Like all good designers we immediately set about finding out what the app needed to do, and whether a native app was required at all. It turned out we were right to question Dr Sheppard’s initial assumption, but in doing we ended up exceeding his expectations.

The National Institute for Health and Care Excellence (NICE) is a public body which provides guidance and advice to the National Health Service (NHS) in England. Its guidelines make evidence-based recommendations for the prevention and management of specific conditions, improving health and using medicines, and are required to be used by NHS healthcare professionals. The NICE guidelines are comprehensive and wide-ranging, but the pertinent clinical information is not often presented in an easily accessible or readily available manner.

To help with his own practise, Dr Sheppard had carefully summarised the NICE guidance into single pages for quick and easy access. Seeing that these could be useful to other medical and clinical practitioners, Dr Sheppard wanted to make his summaries freely available for use in a quick and easy format. Having NICE guidance on hand, particularly in areas of a medical facility where use of wifi and mobile data is strictly limited, is what led Dr Sheppard to the reasonable assumption that building a native app was the way to go.

We immediately recognised that an easier, cheaper, more open solution could be available. That solution was a web app, by which I really mean a simple web site with some offline caching functionality. In these days of austerity and a consequently under-resourced NHS, there was no funding available for the project, and Dr Sheppard was prepared to pay for it himself. Rather than have a large IT consultancy charge a fortune for a native app, Clearleft decided to put its money where its mouth was and build a web app pro bono. Here’s how went about it.

Three screenshots of the mobile app, showing homepage, categories and detail page.

Dr Sheppard had written his eighty NICE guidance one-pagers in Word. Rather than convert these straight to HTML, we reformatted the pages using Markdown so they could be more easily edited by non-technical authors in future. We linked the pages into a typographically elegant responsive website. As we did so, we made technical optimisations including ensuring text would appear immediately without waiting for web fonts to download.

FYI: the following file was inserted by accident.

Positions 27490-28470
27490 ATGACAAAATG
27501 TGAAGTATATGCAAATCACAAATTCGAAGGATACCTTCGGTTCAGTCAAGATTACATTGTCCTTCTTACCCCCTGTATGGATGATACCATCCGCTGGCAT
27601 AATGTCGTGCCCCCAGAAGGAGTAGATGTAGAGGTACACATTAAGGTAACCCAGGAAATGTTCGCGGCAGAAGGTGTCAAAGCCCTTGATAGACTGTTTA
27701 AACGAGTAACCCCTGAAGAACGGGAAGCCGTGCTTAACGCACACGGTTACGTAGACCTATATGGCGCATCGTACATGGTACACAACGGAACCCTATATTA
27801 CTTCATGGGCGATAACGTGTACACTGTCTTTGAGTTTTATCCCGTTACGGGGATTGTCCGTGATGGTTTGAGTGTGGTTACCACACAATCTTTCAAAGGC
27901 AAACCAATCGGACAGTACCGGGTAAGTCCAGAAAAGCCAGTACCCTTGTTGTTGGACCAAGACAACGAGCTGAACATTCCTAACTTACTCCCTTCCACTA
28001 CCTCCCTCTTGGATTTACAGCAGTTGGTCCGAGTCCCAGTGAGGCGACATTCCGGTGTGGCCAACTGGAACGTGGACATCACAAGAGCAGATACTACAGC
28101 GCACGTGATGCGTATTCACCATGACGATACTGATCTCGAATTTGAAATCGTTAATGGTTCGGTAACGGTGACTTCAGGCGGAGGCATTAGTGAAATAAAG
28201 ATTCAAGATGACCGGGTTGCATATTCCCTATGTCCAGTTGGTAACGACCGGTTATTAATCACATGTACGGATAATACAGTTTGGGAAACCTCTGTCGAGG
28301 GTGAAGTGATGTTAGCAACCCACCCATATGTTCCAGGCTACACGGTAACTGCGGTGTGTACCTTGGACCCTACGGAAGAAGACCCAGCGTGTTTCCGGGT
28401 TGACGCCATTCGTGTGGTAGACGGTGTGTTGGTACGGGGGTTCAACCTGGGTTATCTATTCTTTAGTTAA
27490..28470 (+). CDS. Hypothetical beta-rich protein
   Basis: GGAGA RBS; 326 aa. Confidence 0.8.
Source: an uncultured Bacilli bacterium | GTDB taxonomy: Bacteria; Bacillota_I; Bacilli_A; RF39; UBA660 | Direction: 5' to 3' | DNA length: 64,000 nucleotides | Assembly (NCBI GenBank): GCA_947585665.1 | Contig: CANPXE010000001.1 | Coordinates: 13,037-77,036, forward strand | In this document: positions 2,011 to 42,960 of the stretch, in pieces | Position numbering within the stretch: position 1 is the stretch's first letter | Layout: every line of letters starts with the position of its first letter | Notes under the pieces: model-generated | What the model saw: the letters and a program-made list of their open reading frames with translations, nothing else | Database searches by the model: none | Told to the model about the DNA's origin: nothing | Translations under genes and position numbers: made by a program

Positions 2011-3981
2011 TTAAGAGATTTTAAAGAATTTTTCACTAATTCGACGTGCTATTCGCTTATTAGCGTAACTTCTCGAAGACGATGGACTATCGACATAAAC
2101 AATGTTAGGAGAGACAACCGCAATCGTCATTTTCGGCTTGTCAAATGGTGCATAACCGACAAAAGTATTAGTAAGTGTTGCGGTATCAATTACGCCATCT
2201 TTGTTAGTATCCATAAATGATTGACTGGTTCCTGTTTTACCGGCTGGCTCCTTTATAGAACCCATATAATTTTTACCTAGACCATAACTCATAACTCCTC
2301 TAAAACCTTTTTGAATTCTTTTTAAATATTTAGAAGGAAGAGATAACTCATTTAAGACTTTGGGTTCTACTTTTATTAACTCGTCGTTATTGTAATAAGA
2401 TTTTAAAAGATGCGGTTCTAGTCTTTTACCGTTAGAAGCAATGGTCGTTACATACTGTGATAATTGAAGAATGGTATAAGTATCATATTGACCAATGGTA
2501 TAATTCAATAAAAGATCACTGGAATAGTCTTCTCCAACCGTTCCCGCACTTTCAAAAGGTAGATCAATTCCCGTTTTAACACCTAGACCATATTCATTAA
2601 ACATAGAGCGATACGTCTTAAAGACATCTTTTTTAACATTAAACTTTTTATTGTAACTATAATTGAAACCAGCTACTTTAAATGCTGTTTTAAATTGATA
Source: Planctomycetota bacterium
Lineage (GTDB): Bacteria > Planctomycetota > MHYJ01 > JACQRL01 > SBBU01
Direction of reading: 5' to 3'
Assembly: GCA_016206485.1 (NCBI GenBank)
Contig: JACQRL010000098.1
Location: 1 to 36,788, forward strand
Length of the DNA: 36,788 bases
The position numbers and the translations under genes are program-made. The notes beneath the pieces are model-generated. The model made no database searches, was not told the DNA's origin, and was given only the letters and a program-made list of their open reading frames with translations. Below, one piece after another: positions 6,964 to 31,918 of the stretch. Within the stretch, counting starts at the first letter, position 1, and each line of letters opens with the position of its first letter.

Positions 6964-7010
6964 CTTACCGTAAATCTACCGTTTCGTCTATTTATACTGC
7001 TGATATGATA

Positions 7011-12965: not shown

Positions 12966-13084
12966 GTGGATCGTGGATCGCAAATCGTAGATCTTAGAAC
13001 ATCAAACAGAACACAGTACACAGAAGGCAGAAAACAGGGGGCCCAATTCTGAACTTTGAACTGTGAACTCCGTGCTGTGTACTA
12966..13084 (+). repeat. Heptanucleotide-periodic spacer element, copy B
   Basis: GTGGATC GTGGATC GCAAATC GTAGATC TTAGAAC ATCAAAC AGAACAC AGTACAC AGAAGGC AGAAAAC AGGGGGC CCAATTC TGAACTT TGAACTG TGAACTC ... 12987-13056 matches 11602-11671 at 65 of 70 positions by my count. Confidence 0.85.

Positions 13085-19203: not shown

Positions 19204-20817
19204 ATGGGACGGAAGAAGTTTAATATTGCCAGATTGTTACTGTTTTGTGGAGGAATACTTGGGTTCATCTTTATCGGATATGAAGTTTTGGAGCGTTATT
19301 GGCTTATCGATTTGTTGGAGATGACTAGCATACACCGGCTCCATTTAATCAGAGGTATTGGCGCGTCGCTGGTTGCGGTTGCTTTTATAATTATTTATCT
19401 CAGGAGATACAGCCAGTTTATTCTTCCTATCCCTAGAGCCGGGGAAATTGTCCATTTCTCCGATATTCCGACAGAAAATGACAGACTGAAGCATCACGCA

The final part of the process was enabling the whole site would work as an offline app. For this we turned to an admittedly deprecated technology called AppCache. We used this to make your browser download the entire website (<2 Mb) the first time you visit it. If you’re a knowledgable developer you might well be rolling your eyes in dismay at the mention of AppCache, but for a static, infrequently changing site like NICE One-Pagers, AppCache is just fine, not least of all because it is supported by just about all devices including iOS (which at the time of writing is more than you can say about its grown up sibling Service Workers).

Ultimately, thanks to the efforts of Dr Sheppard, healthcare professionals now have summarised NICE guidance available at a glance as they do their rounds. The entire web app is open source and made available to the world, at no cost to the NHS, by using the power of web technologies, some design nous, a little critical thinking, and a good dose of enthusiasm from the Clearleft team.

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